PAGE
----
Flu is an acute infection of the respiratory system caused by several different strains of influenza virus. Most people recover from flu in one or two weeks, however those with weakened immunity or other health risks can be affected much more severely. Every year, the flu viruses evolve, requiring the production of a new vaccine each year with improved protection against influenza. In 2017, a much higher than expected number of people were hospitalised with severe flu, so it’s more important than ever that at risk and healthy people alike get vaccinated to stop the spread of illness.
Symptoms of flu
Flu symptoms are similar to common cold but are far more severe. Suffers of flu often have a high fever, a dry chesty cough, chills, joint & muscle pain and overwhelming tiredness. Most flu sufferers will find themselves bed ridden due to their symptoms. You might also experience nausea/vomiting, diarrhoea, sore throat, loss of appetite and insomnia.
The flu vaccine
The flu vaccine contains a very small amount of several strains of influenza virus. Upon administering the vaccine, the body starts to produce antibodies which help protect you against flu viruses. The vaccine cannot offer complete protection against flu, but will hugely reduce the risk of infection and will reduce the seriousness of symptoms.
Flu symptoms are similar to common cold but are far more severe, most flu sufferers will find themselves bed ridden due to their symptoms
Nomad offer the quadrivalent flu vaccine. This is a new vaccine that covers four strains of flu virus rather than just three as in the past. The vaccine was improved to cover another strain of flu as the 2017 season saw a large increase in infections of the B strain.
How is flu spread?
Flu is spread through the moisture released when we sneeze or cough. The viruses are also spread through surface contamination when someone carrying the infection touches objects. It’s important to note that you can be spreading flu viruses even if you do not have any symptoms yet. It can take several days to develop symptoms and some healthy people may not suffer such severe symptoms that they realise they’re spreading flu. Whether you choose to get vaccinated or not, we’d recommend carrying hand and surface sanitiser to help kill any viruses you’ve come into contact with.
Who should get the flu vaccine?
At risk groups are advised to always get the yearly flu shot. For people in these groups, the flu shot is vital to protect against serious illness, hospitalisation or at worse death.
These at risk groups are:
- People aged 65 years or over
- People who are pregnant
- People who are immunocompromised
For anyone who is not in these at risk groups, getting vaccinated is advised if you:
- Work with large groups of people i.e. in an office or school. Some employers provide the flu jab to employees to avoid long periods of sickness. Nomad can make on-site visits to vaccinated your whole team against flu, call 01341 555 061 to arrange
- Work in hospitals or are a carer. Anyone who is coming into contact with at risk groups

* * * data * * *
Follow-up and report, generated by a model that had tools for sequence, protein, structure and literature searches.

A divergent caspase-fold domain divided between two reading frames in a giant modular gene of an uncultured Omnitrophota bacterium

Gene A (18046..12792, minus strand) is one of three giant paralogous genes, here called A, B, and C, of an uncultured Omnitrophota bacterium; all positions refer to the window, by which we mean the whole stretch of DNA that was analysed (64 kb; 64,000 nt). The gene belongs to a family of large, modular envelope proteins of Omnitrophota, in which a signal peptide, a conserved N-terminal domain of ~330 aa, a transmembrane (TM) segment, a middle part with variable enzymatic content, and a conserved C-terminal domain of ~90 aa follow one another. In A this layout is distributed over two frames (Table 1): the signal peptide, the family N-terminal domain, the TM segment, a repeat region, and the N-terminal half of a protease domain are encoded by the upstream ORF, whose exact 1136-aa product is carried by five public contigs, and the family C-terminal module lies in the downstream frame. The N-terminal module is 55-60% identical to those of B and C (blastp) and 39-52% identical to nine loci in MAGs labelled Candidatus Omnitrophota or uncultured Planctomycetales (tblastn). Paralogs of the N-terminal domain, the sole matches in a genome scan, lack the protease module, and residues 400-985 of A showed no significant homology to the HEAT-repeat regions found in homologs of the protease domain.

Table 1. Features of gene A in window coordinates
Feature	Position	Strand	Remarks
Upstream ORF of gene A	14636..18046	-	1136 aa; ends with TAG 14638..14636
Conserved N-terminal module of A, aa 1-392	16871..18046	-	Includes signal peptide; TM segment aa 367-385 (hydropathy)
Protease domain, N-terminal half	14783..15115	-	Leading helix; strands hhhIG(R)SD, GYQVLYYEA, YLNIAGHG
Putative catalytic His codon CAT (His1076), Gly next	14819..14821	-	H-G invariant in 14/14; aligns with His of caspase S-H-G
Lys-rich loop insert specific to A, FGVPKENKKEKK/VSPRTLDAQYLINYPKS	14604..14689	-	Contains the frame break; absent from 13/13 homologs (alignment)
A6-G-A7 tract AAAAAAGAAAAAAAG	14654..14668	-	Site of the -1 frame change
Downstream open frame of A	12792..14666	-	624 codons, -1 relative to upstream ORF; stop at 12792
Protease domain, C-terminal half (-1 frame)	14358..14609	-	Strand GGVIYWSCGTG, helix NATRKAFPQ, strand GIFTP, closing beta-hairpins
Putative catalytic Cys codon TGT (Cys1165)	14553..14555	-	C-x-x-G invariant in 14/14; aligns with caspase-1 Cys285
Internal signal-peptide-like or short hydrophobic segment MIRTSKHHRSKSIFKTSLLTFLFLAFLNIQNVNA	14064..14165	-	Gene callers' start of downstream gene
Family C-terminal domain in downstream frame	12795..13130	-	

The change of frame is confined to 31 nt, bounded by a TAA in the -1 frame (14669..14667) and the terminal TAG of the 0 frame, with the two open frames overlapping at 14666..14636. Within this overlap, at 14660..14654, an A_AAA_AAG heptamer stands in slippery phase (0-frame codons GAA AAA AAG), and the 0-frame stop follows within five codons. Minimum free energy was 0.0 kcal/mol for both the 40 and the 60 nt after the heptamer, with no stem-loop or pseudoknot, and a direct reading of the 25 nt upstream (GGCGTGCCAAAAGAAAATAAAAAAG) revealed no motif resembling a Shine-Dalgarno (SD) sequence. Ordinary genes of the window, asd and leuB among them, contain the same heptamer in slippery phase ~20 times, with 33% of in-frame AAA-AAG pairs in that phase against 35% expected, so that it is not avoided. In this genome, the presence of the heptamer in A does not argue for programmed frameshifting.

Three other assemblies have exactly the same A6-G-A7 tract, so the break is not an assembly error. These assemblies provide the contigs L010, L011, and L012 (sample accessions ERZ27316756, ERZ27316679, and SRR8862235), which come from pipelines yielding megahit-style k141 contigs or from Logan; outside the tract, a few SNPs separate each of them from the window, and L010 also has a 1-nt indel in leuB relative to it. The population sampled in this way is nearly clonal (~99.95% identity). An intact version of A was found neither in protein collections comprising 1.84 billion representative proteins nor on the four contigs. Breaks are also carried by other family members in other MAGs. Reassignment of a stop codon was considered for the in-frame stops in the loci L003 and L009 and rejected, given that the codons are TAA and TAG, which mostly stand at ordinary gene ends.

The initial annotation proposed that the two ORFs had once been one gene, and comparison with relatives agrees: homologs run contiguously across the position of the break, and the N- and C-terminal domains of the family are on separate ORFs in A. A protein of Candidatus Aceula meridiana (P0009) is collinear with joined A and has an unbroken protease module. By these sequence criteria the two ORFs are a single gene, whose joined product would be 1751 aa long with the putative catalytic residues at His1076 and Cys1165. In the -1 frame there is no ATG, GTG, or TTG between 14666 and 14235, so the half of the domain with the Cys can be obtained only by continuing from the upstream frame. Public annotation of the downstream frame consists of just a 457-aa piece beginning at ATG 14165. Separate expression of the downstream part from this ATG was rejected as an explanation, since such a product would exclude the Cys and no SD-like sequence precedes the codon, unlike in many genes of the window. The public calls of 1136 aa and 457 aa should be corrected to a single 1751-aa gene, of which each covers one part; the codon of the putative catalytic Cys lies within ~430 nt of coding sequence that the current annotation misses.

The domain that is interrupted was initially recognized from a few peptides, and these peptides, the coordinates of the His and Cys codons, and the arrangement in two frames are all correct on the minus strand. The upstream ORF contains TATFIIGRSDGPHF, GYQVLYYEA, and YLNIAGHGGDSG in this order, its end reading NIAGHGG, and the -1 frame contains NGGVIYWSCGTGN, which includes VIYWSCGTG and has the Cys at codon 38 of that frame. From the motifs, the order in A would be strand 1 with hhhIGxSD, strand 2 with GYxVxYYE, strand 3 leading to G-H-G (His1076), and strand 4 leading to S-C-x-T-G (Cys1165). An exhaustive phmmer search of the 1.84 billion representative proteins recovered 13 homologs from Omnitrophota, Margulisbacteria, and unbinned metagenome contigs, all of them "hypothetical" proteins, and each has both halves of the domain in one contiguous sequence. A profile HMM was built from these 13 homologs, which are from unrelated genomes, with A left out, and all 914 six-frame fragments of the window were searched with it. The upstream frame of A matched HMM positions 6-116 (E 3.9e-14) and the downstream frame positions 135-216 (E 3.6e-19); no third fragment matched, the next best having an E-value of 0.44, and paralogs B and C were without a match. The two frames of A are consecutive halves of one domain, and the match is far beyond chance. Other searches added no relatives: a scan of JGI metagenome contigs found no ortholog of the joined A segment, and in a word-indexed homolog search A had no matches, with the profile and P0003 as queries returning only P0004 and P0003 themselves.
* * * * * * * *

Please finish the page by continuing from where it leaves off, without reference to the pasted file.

- Are travelling during influenza season or are travelling to Saudi Arabia for Hajj or Umrah
- Are likely to be in heavily crowded places like festivals and sporting events
Anyone else not in these groups is welcome to have the flu vaccination, it’s available for everyone. The more people get vaccinated against flu, the less people will get seriously ill or die during the flu season, even if you’re healthy you can get vaccinated to protect yourself, help prevent the spread of infection to others and contribute to herd immunity.
Should you get the flu shot before travelling?
We always recommend travellers get the flu shot before travelling during influenza season. You’ll be exposed to lots of people on airplanes and public transport. If you suffer a bout of travellers diarrhoea or other illness while travelling, you’ll be at increased risk of influenza infection while your body is weakened and recovering.
Are there any side effects of the flu vaccine?
There are some common side effects of the flu shot. These include mild flu-like symptoms such as a runny nose, raised temperature, headache, tiredness or loss of appetite. The injection site may also be sore for several days. These are common side effects as your body build immunity to the flu viruses.
It’s better to get ahead of the flu season and get vaccinated well before December when infection rates start to rise rapidly
When should you get the flu shot?
We’d recommend getting the flu shot as early as possible. It’s better to get ahead of the flu season and get vaccinated well before December when infection rates start to rise rapidly. You can have the vaccine at any time, even if it’s late in the season, just call in to your nearest clinic and we’ll vaccinate you if we still have stock of the vaccine.
Where can I get the flu vaccine?
People in at risk groups can get the vaccine for free from their GP. Anyone not entitled to the free vaccine can visit their local Nomad clinic to get vaccinated for £10. You do not need to book an appointment, simply walk-in to any of our clinics and we’ll see you as soon as possible. We can also administer the flu vaccine during your travel health consultation, so just ask your Nurse for it in your pre-travel health consultation.